Lawyer fined over video tape slip up
PUBLISHED: 09:00 12 September 2009 | UPDATED: 14:51 05 October 2010
A SOLICITOR has been reprimanded for giving video tapes of police interviews with young sex attack victims to a vulnerable family friend. Paul Mason, 53, believed the tapes were blank and also handed over more than 130 confidential audio files of interv
A SOLICITOR has been reprimanded for giving video tapes of police interviews with young sex attack victims to a 'vulnerable' family friend.
Paul Mason, 53, believed the tapes were blank and also handed over more than 130 confidential audio files of interviews with clients of his firm.
He was shocked to find the highly confidential details had not been erased when he represented the friend on another matter.
Police told Mason the friend was to be charged with theft of the tapes unless the lawyer admitted giving them to him.
Mason has an unblemished 29 year career and was working for TV Edwards in Whitechapel's Mile End Road.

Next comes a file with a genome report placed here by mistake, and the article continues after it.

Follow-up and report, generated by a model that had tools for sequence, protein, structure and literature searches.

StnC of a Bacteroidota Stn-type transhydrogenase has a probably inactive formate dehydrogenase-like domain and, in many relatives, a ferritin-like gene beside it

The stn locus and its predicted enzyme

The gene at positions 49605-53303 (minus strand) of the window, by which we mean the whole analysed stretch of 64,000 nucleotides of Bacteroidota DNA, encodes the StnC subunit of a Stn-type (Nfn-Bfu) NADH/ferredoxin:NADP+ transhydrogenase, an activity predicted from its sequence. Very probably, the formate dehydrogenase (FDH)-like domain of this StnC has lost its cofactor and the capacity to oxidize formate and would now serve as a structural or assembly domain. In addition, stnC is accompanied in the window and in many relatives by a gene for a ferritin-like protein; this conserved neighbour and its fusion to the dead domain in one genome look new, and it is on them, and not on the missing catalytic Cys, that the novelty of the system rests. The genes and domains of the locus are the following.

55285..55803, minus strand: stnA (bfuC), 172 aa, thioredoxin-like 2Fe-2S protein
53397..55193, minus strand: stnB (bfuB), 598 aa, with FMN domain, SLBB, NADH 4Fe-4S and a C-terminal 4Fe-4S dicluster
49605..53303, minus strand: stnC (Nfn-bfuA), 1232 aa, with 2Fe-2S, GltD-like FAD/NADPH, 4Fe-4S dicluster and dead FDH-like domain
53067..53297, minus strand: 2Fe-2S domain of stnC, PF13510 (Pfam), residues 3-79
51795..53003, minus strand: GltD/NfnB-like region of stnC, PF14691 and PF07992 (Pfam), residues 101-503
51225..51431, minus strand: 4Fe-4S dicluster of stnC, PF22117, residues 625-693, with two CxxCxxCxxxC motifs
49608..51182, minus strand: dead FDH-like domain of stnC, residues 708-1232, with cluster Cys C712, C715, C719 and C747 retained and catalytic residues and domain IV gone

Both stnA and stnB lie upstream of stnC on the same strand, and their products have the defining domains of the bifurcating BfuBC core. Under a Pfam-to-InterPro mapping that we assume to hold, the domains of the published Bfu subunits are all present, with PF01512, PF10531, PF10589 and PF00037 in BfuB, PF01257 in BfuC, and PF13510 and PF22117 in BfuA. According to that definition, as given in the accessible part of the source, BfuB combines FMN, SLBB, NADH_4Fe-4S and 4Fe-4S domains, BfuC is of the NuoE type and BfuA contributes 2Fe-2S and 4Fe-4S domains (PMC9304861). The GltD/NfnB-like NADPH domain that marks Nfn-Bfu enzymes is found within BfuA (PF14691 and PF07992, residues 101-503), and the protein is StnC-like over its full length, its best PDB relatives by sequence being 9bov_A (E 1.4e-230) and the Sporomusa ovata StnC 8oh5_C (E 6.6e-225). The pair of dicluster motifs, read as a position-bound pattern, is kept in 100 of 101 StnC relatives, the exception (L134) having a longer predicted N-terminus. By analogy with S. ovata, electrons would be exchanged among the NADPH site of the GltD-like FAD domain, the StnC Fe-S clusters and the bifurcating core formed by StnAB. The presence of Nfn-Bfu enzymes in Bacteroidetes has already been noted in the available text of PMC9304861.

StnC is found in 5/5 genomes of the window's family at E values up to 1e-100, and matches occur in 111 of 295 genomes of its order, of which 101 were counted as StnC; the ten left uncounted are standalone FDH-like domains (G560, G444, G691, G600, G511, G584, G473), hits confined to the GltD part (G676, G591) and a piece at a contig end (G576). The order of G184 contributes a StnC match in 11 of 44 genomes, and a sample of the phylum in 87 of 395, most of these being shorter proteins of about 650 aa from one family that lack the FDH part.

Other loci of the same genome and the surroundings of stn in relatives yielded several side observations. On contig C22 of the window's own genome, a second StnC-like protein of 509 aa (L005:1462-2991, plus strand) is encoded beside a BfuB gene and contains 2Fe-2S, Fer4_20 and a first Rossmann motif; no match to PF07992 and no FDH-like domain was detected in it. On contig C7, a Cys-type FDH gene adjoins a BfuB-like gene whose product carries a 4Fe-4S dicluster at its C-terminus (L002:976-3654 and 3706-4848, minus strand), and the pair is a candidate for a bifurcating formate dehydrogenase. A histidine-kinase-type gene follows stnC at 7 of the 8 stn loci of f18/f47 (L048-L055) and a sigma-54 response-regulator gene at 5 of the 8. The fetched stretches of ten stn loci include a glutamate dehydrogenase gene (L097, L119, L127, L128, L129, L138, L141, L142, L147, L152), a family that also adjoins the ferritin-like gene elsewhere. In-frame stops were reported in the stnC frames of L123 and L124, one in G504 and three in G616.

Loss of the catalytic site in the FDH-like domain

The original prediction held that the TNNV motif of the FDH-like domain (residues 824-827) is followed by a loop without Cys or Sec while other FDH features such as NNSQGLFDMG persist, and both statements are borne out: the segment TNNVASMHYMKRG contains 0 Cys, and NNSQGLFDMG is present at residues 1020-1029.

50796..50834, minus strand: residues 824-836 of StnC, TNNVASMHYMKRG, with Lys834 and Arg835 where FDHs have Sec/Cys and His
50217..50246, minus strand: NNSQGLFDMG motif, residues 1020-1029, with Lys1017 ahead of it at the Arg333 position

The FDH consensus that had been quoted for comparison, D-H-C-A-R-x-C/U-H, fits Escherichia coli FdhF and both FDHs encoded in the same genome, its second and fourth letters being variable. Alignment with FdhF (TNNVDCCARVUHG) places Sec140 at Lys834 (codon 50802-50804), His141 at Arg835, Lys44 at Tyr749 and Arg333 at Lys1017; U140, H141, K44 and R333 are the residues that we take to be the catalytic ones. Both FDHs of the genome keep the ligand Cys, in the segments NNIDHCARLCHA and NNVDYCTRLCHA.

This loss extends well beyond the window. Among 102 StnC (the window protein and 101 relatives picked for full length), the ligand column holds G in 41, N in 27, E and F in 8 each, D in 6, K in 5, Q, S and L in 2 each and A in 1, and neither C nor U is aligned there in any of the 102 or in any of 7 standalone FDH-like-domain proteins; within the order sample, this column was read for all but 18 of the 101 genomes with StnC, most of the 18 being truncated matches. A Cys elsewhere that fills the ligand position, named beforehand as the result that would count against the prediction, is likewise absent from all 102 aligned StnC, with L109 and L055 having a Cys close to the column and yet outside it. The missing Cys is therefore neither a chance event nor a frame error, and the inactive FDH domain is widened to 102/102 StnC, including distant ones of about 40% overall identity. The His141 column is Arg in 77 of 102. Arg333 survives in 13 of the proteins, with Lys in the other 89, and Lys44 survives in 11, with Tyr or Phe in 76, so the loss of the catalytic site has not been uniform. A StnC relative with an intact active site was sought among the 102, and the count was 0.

The firm had an archive of audio tapes which should have been wiped, the Solicitors' Disciplinary Tribunal heard last Thursday.
Stephen Battersby, for the Solicitors' Regulatory Authority, said: "The potential breach on the audio tape was material which could have identified the client and the offence the client was said to have committed."
Mason also gave the friend around 30 videos so he could use them for home taping.
Mr Battersby said: "Only four of the video tapes contained information of a sexual nature.
"These tapes ought to have returned to the prosecution at the end of the case."
Mason had not been personally involved with the cases but his firm had accidentally wrongly categorised the tapes as 'non sensitive'.
Mason admitted acting in a manner which was likely to breach confidentiality with regard to the audio tapes and not dealing with the videos in accordance with solicitor's guidelines.
Ian Ryan, defending, said the tribunal was used to dealing with solicitors who were 'scoundrels and cheats'.
He said: "In Mr Mason you have an example of man who is contrary to all that, a man who is a shining example to his profession."
Tribunal chairman William Hartley reprimanded Mason and ordered him to pay costs of £5,087.
Speaking outside the hearing Mason said: "For 30 years I have been representing clients, for some of whom the effects of the cases are devastating.
"You can see the effects that rumble on long after the court case has concluded.
"No-one can ever understand what it is like until you actually go through it. I have learned things that will be with me long after this case has finished.
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